Will ‘Second Amendment sanctuaries’ test authority of Virginia government?

December 9, 2019 12:01 am

Amherst County residents raise their hands to show support for their county’s “Second Amendment Sanctuary” resolution. November 19, 2019. (Graham Moomaw/Virginia Mercury)

A fundamental clash over gun rights and gun control looms a few weeks away and resolving it could test the operational structure of Virginia government and the rule of law.  

Across the commonwealth, rural localities are declaring themselves “Second Amendment sanctuaries” in response to last month’s election that gave Democrats unfettered control of state government for the first time in 26 years.

Virginia’s Republican-ruled General Assembly for decades was a dead-end for gun control bills. Nothing – not the April 2007 Virginia Tech massacre or this May’s deadly Virginia Beach shooting – changed the way that even marginally restrictive gun legislation methodically died.

In the wake of the Virginia Beach killings, Gov. Ralph Northam called for a special legislative session in July to consider a package of gun control bills, including restricting high-capacity magazines, closing the gun-show loophole and “red-flag” measures to keep firearms out of the reach of disturbed individuals adjudged likely to harm themsvelves or others. House and Senate GOP leaders sidetracked the bills for studies and shut the session down in barely an hour with no votes taken. 

That, combined with President Donald Trump’s low popularity, didn’t play well in Virginia’s burgeoning cities and suburbs and drove a large Democratic turnout in the Nov. 5 election. It cost Republicans their two-decade lease on legislative power. 

Overnight, the script was flipped. Long-moribund measures such as the Equal Rights Amendment, raising the minimum wage and easing absentee voting requirements now look on track for passage. None has triggered the visceral reaction of the Democrats’ proposed gun restrictions. 

Officials in a growing number of localities, mostly rural, have pledged not to enforce new gun controls should they become law.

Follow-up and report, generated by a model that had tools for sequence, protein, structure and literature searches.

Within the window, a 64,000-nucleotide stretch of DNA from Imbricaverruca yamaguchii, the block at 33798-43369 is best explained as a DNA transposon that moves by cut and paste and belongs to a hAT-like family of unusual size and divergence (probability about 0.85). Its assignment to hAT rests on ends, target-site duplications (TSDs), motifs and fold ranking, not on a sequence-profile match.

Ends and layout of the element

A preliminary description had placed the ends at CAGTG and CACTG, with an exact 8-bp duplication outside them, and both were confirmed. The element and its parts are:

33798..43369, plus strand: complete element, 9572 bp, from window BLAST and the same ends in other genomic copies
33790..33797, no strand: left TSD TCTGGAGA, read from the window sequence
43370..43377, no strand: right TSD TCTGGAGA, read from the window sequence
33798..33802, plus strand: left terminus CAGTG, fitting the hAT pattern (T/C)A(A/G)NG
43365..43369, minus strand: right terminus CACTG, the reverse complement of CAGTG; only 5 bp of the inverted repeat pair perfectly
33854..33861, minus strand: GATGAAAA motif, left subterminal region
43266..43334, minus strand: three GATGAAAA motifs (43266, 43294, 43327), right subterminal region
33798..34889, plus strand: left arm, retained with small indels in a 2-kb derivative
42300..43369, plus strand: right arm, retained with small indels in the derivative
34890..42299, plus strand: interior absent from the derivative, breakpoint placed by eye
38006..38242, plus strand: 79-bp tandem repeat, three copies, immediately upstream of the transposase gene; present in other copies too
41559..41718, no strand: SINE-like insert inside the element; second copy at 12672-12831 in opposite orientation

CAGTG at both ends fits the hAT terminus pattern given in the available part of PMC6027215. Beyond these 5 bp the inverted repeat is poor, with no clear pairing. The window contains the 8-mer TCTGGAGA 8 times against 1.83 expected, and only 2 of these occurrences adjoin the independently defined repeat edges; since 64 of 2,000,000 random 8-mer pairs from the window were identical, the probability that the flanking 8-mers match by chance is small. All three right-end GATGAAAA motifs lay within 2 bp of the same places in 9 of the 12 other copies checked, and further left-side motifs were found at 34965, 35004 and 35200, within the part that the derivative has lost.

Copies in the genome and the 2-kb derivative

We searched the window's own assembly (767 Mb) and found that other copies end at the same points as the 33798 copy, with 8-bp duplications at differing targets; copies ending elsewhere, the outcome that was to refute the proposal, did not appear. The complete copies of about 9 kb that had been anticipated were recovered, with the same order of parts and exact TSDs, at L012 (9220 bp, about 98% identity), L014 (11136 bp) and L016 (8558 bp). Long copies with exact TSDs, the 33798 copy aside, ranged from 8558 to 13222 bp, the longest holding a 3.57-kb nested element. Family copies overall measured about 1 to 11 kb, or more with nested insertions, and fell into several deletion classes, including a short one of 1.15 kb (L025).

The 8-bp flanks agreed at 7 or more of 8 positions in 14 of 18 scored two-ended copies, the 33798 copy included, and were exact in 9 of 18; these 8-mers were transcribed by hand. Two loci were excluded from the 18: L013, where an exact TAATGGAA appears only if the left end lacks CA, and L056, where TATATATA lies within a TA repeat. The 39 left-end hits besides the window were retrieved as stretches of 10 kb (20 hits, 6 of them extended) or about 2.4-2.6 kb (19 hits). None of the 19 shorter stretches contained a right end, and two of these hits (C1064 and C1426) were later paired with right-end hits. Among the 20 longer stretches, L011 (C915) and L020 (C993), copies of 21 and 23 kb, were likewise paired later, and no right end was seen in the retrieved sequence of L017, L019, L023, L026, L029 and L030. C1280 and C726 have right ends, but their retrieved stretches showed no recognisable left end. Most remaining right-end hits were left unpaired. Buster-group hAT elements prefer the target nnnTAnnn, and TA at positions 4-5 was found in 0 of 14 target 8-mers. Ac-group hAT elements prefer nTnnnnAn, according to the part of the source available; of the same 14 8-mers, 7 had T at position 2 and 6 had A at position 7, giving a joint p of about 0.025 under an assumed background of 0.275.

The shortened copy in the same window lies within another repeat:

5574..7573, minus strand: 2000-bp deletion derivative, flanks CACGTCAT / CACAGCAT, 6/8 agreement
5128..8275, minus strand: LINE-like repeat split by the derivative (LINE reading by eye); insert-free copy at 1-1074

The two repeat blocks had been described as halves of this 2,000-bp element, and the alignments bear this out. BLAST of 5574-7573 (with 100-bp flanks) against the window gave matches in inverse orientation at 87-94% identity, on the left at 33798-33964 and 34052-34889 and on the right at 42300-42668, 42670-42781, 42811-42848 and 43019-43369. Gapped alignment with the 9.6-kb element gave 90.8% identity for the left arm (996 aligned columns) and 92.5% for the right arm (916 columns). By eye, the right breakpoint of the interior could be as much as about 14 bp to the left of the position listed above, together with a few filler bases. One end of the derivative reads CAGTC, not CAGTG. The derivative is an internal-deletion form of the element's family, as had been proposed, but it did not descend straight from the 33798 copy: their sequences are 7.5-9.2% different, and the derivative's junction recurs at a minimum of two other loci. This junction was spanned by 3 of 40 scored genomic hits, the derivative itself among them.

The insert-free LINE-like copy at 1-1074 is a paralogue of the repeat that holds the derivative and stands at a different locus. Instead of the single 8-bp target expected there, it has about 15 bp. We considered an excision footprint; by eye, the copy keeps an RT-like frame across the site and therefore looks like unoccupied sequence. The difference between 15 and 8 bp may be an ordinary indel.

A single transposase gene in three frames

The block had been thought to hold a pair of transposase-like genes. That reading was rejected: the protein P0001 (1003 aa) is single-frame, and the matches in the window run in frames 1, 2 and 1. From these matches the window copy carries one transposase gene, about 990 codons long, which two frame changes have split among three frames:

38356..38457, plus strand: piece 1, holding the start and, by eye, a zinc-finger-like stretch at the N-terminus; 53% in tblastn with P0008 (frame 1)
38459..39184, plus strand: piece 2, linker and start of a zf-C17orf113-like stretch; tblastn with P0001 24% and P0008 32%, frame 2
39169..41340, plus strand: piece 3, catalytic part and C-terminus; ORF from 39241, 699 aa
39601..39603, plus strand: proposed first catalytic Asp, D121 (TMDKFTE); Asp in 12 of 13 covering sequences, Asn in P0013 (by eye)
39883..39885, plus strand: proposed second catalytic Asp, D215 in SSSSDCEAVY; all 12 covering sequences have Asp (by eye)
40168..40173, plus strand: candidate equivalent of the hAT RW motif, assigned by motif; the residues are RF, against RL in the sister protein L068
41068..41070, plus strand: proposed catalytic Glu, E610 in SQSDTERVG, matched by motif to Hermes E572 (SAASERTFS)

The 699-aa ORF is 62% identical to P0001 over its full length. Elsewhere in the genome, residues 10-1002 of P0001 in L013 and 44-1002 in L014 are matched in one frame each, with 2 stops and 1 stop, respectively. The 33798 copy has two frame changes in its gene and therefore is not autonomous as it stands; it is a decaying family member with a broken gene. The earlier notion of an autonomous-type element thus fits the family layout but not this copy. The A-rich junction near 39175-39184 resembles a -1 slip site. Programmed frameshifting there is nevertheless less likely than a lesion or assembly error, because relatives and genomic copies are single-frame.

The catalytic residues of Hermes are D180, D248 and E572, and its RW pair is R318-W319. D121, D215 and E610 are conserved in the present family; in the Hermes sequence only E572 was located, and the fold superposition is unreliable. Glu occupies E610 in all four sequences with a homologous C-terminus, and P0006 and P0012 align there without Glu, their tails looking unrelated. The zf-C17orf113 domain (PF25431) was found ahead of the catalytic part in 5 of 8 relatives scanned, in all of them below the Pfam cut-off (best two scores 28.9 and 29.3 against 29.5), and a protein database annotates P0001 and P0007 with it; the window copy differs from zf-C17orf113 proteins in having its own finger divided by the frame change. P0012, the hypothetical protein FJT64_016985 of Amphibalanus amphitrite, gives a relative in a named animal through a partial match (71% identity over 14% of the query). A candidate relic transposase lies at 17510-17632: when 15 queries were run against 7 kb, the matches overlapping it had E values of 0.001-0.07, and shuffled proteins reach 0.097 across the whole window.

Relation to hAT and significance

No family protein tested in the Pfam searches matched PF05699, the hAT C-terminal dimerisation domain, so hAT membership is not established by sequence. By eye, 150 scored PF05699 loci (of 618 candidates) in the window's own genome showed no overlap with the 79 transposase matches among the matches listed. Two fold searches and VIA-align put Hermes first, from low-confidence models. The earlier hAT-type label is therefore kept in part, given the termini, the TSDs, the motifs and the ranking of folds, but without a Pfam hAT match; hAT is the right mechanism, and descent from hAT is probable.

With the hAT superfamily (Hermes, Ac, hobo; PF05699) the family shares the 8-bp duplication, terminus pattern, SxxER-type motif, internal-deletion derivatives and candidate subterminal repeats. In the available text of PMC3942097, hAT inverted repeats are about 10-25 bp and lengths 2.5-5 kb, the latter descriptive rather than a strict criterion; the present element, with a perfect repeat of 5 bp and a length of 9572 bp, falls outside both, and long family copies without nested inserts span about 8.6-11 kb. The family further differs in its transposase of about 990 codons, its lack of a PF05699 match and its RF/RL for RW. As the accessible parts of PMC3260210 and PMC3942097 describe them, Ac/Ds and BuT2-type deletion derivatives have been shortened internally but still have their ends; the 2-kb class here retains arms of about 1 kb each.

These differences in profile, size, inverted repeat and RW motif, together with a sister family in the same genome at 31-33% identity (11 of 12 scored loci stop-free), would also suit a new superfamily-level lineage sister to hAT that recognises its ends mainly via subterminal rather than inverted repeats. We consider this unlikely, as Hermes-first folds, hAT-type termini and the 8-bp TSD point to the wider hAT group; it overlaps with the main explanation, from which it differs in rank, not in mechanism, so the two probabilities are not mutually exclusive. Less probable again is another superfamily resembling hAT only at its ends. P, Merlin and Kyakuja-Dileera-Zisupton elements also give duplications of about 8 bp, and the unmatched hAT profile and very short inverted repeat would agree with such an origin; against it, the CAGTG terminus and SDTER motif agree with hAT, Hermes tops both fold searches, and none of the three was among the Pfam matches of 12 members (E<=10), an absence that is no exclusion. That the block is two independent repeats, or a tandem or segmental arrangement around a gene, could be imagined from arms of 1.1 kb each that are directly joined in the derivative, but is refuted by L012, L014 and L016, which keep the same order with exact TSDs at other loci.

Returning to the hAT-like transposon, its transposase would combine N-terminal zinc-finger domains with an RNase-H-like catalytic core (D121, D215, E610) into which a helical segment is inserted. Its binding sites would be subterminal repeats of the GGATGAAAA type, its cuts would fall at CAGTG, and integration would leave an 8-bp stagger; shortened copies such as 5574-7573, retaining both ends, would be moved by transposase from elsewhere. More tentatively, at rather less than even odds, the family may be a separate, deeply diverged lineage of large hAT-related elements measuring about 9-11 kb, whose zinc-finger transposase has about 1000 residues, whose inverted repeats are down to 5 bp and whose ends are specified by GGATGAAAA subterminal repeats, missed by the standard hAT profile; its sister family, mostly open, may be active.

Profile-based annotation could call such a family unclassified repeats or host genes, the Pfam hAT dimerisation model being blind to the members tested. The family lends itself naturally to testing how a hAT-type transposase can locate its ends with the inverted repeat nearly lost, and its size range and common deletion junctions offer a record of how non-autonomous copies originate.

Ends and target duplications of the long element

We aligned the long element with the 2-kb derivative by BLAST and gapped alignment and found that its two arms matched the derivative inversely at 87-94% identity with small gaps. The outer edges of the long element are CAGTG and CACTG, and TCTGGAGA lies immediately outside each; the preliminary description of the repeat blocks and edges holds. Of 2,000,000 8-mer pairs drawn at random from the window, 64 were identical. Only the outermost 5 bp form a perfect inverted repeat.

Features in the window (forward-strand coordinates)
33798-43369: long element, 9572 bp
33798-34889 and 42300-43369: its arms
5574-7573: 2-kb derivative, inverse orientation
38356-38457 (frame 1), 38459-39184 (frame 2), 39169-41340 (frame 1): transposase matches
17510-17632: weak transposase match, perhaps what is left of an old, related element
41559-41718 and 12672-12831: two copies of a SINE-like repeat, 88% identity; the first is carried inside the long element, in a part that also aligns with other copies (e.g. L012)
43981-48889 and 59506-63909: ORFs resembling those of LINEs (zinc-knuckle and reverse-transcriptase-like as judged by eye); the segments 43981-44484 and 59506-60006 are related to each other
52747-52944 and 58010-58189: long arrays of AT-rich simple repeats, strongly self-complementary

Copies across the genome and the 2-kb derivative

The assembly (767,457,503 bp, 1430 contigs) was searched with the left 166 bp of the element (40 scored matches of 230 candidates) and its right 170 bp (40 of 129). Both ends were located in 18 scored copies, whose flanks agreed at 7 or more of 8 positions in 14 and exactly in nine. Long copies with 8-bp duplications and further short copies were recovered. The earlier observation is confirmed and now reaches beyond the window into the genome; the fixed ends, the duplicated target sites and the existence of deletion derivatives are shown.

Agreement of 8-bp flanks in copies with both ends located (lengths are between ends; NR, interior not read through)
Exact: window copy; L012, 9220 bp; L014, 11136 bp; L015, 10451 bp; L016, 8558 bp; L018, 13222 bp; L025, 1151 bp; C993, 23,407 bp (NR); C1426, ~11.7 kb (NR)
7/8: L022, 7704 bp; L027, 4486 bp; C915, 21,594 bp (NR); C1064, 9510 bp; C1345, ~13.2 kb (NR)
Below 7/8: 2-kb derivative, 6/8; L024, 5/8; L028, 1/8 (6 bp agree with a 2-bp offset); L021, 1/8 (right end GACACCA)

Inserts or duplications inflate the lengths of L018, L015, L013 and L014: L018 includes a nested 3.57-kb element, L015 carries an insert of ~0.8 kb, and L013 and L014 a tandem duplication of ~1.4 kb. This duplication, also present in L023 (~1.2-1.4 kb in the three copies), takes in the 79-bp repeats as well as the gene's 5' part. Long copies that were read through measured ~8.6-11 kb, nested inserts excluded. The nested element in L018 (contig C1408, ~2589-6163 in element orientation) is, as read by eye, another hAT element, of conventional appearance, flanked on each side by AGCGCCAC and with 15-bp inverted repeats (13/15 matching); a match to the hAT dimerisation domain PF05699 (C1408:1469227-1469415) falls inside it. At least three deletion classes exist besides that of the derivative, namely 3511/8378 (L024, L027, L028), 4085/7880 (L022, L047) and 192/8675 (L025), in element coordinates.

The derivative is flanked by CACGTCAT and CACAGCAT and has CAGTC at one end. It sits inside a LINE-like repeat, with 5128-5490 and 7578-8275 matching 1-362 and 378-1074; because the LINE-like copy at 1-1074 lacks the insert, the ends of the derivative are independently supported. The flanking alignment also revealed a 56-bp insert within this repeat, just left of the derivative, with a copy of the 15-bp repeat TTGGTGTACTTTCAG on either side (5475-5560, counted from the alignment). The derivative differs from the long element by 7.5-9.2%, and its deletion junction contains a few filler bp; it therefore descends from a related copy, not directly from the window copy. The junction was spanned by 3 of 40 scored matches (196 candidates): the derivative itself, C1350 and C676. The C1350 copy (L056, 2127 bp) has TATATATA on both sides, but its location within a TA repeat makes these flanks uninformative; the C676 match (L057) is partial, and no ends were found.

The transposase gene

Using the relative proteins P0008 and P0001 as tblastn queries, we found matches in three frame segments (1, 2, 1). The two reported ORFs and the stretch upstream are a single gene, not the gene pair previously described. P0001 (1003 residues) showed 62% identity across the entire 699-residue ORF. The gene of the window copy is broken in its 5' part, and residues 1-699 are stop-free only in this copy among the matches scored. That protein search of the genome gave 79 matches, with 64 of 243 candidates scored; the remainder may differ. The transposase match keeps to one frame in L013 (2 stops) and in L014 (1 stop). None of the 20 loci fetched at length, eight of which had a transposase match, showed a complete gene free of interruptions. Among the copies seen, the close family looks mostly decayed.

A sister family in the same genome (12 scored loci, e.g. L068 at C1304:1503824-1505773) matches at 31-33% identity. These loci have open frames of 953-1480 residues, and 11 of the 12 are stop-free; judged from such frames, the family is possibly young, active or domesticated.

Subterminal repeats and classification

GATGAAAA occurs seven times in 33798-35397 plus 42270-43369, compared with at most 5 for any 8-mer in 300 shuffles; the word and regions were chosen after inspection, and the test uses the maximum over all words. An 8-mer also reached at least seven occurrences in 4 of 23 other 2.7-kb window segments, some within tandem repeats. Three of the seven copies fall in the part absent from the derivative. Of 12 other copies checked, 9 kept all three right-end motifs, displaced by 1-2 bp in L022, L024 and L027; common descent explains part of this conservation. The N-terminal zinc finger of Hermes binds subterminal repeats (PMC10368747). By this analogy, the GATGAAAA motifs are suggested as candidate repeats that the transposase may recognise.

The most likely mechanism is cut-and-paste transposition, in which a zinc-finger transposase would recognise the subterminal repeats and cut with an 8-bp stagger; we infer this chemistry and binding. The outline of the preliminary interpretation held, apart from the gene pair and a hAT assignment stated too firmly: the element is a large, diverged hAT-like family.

“More than anything, this is symbolic,” said Larry J. Sabato, director of the University of Virginia Center for Politics. “This is an opportunity for sheriffs and other local officials out in rural areas to show their constituents that they’re tough and that they’ll protect their guns.”

“This shows the extent to which fear has crept into our politics,” he said.

In a Facebook post last month, Lee County Sheriff Gary Parsons assured his constituents: “I want to assure the citizens of Lee County that me and my officers will stand up to any federal or state agency that attempts to infringe upon our gun rights.” In a subsequent interview with The Virginia Mercury, he said the post was intended to make clear that his office would not take part in any effort to seize once-legal guns that are later outlawed. 

The News Leader of Staunton quoted Augusta County Supervisor Pam Carter as telling a crowd that packed a board meeting where a sanctuary resolution was passed that the board was “taking a stand to protect your constitutional rights and sending a message to Richmond that we will not stand by and do nothing.”

In Prince William County, the outgoing GOP-dominated Board of County Supervisors is expected to pass a Second Amendment sanctuary resolution at its final meeting on Tuesday, said retiring Republican Chairman Corey Stewart. Twenty-eight days later, a new Democratic-led board will repeal it when it meets for the first time, said Ann Wheeler, the board’s Democratic chair-elect.